TAITMAIL The Fed’s road map away from the abyss

Just over a year ago the Creative Industries Federation was facing an abyss. Staff were leaving, so were the members that provide its revenue, and a large part of its reserves was being spent on non-disclosure agreements. 

Having been a welcome guest in the parlours of power, now it was being shown the door by a growing number members and potential members.
 
The root problem appeared to be people management, and a robust leadership style that was alienating too many and distracting the organisation from its mission. The chairman, Rick Haythornthwaite, called the CEO into his office and when he left it he was not longer the CEO.
 
Haythornthwaite's  next phone call was to an old friend, Alan Bishop, the retired CEO of the Southbank Centre. Would he consider leaving his herbaceous borders, just for as long as it takes to stop the boat rocking?
 
The Fed was started more than five years ago by Sir John Sorrell, the designer, campaigner for culture education and creator of the Sorrell Foundation. It was to be a kind of Arts & Business for our time, taking the fight for the creative industries into circles of influence. Members include the Arts Council, the British Film Institute and the BBC, and the Fed would get the sector at the heart of “political, economic and social decision-making”. It established in the public mind that the sector was the fastest growing in the country, worth more than £100bn a year to the economy, “more than oil and gas, life sciences, automotive and aerospace industries combined”.
 
Now, 14 months later, Bishop has announced he is standing down. Job done?
 
His task was to get members back, to realign the Fed’s activities with the sector’s needs, to emphasise creative careers and to keep the sector in the Brexit negotiations. Then he had to find a successor.
 
Alan Bishop is a self-effacing character, shunning the profile treatment and uncomfortable at social occasions, but a down-to-earth manager who is more than capable of toughness behind closed doors. He’s got the membership back up to around 1,000, individuals and organisations; the approach is less lavish roadshow more pragmatic workshop, and the creative industries have been at the forefront of the government’s industrial strategy (though that along with everything else in Westminster is in a state of flux). Labour’s deputy leader and shadow culture secretary, Tom Watson, is only too happy to be wheeled out to bang the drum, most recently a fortnight ago, about the potential disaster of a no-deal Brexit to the sector in which “self-shrinking isolationism will fail our cultural economy”. Bishop has seen programme delivery increases, giving business support and mentoring small creative companies with growth potential.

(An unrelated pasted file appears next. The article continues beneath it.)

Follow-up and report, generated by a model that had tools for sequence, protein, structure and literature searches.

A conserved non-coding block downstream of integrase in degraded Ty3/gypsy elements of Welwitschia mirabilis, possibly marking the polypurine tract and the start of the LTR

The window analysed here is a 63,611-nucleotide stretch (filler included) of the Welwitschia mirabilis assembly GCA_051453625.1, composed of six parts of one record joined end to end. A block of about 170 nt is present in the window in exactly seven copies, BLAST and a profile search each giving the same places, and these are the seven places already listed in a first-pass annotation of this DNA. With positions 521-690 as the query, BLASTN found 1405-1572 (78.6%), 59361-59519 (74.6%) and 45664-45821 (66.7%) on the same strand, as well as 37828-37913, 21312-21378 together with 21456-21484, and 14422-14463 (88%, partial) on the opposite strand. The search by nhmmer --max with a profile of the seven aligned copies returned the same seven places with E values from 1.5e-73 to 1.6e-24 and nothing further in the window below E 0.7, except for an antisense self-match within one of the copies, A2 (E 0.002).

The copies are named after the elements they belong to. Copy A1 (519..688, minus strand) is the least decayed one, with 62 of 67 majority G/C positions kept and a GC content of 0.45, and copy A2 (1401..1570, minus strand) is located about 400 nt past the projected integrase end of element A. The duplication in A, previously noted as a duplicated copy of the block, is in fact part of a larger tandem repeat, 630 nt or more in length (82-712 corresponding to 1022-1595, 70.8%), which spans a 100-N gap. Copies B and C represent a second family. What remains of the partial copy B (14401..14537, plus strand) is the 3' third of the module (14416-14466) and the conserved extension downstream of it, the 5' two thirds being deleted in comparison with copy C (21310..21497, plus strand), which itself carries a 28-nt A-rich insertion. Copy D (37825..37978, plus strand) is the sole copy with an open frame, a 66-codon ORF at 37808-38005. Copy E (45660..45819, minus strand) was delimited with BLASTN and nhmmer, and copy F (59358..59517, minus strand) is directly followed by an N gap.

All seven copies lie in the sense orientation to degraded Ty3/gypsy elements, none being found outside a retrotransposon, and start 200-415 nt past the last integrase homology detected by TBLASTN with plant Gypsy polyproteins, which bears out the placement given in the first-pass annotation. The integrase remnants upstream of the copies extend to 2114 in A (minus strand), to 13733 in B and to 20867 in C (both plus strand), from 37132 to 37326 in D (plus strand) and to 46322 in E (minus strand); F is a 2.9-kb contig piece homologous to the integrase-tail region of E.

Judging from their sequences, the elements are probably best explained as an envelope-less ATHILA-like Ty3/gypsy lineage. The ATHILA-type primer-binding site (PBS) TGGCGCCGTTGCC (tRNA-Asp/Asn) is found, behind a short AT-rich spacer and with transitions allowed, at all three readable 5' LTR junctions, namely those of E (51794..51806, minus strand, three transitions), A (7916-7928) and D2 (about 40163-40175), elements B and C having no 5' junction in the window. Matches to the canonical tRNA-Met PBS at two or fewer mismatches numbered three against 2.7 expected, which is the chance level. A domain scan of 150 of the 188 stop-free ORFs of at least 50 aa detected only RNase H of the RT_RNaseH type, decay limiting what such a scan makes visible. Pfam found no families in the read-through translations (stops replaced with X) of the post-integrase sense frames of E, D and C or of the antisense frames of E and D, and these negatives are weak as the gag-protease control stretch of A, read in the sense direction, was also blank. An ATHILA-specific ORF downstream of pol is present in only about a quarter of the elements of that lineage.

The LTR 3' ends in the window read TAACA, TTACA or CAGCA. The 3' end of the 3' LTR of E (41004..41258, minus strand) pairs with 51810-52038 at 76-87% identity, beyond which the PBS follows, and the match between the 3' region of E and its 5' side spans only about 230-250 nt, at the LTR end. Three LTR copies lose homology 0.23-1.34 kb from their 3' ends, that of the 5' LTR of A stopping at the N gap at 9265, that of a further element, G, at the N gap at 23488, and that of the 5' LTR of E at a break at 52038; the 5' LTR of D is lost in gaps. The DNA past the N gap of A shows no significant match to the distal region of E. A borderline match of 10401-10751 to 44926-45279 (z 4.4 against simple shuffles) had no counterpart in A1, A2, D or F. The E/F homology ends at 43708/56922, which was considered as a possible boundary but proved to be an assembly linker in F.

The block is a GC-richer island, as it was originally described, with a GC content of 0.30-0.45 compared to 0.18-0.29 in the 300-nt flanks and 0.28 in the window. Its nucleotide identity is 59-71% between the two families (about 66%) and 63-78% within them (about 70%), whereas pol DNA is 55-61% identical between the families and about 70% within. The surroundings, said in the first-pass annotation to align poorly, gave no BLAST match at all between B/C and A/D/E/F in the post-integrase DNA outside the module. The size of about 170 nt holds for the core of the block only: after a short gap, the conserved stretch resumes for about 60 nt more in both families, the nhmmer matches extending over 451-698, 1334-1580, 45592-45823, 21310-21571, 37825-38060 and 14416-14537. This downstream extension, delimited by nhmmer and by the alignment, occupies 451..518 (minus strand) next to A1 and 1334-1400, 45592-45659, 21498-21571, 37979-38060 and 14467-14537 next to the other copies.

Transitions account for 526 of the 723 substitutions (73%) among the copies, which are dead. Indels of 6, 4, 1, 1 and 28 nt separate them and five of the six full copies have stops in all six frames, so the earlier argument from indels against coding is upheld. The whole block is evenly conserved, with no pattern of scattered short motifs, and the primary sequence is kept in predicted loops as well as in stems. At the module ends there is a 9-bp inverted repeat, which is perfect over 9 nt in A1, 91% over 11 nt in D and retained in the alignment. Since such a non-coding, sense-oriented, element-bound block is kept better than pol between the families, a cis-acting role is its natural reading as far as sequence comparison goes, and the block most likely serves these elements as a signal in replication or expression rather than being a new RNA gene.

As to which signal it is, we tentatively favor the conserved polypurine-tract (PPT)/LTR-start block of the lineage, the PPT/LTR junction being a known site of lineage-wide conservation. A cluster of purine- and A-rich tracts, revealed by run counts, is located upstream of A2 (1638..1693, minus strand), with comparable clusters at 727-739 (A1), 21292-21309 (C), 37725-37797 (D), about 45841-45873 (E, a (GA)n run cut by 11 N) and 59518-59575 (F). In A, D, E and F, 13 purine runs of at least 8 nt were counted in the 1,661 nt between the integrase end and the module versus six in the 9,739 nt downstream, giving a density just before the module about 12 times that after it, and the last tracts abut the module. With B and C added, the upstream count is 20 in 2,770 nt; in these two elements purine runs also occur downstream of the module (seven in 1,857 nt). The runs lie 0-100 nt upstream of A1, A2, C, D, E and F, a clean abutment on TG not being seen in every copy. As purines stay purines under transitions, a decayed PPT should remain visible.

But the key was to work with the membership, and that strategy has resulted in the latest twist in the Fed’s story because as a result the emphasis is changing: the political case having been made as firmly as it can be, “strengthening the talent pipeline” is the new priority, and those are the words of Bishop’s successor, Caroline Norbury. 
 
She is the founder of Creative England, public/private funded and set up after the expunging of the UK Film Council in 2010 to support games development, film, creative and digital media and production services, partnering with British Film Institute, and it has been a notable success. The Fed will be relaunched in April, still with Haythornthwaite as chair.
 
“Despite the opportunities and potential ahead, our sector suffers from unequal access to the support and resources needed for individuals and organisations to reach their full creative potential” Norbury says. “This imbalance represents lost opportunities for individuals and communities as well as a loss to the national economy.” 
 
Yet the creative industries is more than the appealing new showbiz of computer gaming plus movies and TV. Norbury’s new Fed will need to continue to be in close confederacy with the Creative & Cultural Skills Council, for instance, which is concerned largely with the non-screen arts.
 
And to do a useful job, the new Fed will have to carve out a distinctively different but co-operative role.

 

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